Pancreatic cancer is an aggressive form of cancer that carries only a 7% survival rate at five years after the initial diagnosis. It is one of the largest causes of cancer-related death. Although there are options available for treating pancreatic cancer, they are only associated with an average survival of less than one year. This, in part, has to do with the absence of obvious signs and symptoms during the early stages of pancreatic cancer. By the time it is diagnosed, cancer has often already spread (or metastasized) to other parts of the body. The poor prognosis and low survival outcomes stress the need for new therapeutic targets for treating pancreatic cancer. Read more . . .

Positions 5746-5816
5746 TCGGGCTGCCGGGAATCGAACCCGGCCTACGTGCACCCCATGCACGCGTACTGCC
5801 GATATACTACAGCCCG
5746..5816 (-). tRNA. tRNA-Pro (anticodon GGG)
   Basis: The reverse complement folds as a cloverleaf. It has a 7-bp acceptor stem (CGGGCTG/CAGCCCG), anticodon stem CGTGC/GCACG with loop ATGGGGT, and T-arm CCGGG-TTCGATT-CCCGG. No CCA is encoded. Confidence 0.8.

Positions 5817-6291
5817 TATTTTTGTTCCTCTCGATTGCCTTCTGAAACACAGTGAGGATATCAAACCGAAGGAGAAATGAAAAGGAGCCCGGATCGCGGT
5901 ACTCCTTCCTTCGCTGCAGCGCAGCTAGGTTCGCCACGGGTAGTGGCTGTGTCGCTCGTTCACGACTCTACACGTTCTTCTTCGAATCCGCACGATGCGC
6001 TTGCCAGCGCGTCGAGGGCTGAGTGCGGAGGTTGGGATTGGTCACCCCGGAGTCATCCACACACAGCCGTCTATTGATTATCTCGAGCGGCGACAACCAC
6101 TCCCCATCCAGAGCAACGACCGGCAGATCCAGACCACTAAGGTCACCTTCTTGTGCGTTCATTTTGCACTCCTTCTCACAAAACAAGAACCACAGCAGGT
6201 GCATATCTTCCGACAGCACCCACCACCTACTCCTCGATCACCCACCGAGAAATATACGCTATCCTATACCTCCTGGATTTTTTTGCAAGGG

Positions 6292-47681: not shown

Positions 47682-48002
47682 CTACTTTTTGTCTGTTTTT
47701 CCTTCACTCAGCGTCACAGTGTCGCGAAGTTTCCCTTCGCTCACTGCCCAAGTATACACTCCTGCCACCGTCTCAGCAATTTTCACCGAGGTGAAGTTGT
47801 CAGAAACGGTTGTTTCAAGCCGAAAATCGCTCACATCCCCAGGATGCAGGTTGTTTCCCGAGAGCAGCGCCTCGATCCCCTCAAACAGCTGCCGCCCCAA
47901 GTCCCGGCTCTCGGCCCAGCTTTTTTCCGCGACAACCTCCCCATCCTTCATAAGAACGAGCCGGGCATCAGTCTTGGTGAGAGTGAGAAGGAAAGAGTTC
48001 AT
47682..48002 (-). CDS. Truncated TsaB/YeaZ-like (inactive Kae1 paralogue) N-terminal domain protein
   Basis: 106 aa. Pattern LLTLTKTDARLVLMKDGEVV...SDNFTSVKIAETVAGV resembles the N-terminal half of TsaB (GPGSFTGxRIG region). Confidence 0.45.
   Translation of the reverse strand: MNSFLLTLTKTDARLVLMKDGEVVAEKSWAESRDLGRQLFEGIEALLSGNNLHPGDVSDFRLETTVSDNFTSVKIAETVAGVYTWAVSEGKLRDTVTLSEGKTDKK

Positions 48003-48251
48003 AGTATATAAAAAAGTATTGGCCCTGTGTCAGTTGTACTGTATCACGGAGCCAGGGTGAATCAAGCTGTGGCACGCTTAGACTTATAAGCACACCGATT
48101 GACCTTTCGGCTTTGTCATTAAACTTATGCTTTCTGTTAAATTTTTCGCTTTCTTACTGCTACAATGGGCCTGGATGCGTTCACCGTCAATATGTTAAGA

A molecule produced by tumour cells, known as perlecan, may be the key for targeting and treating pancreatic cancer.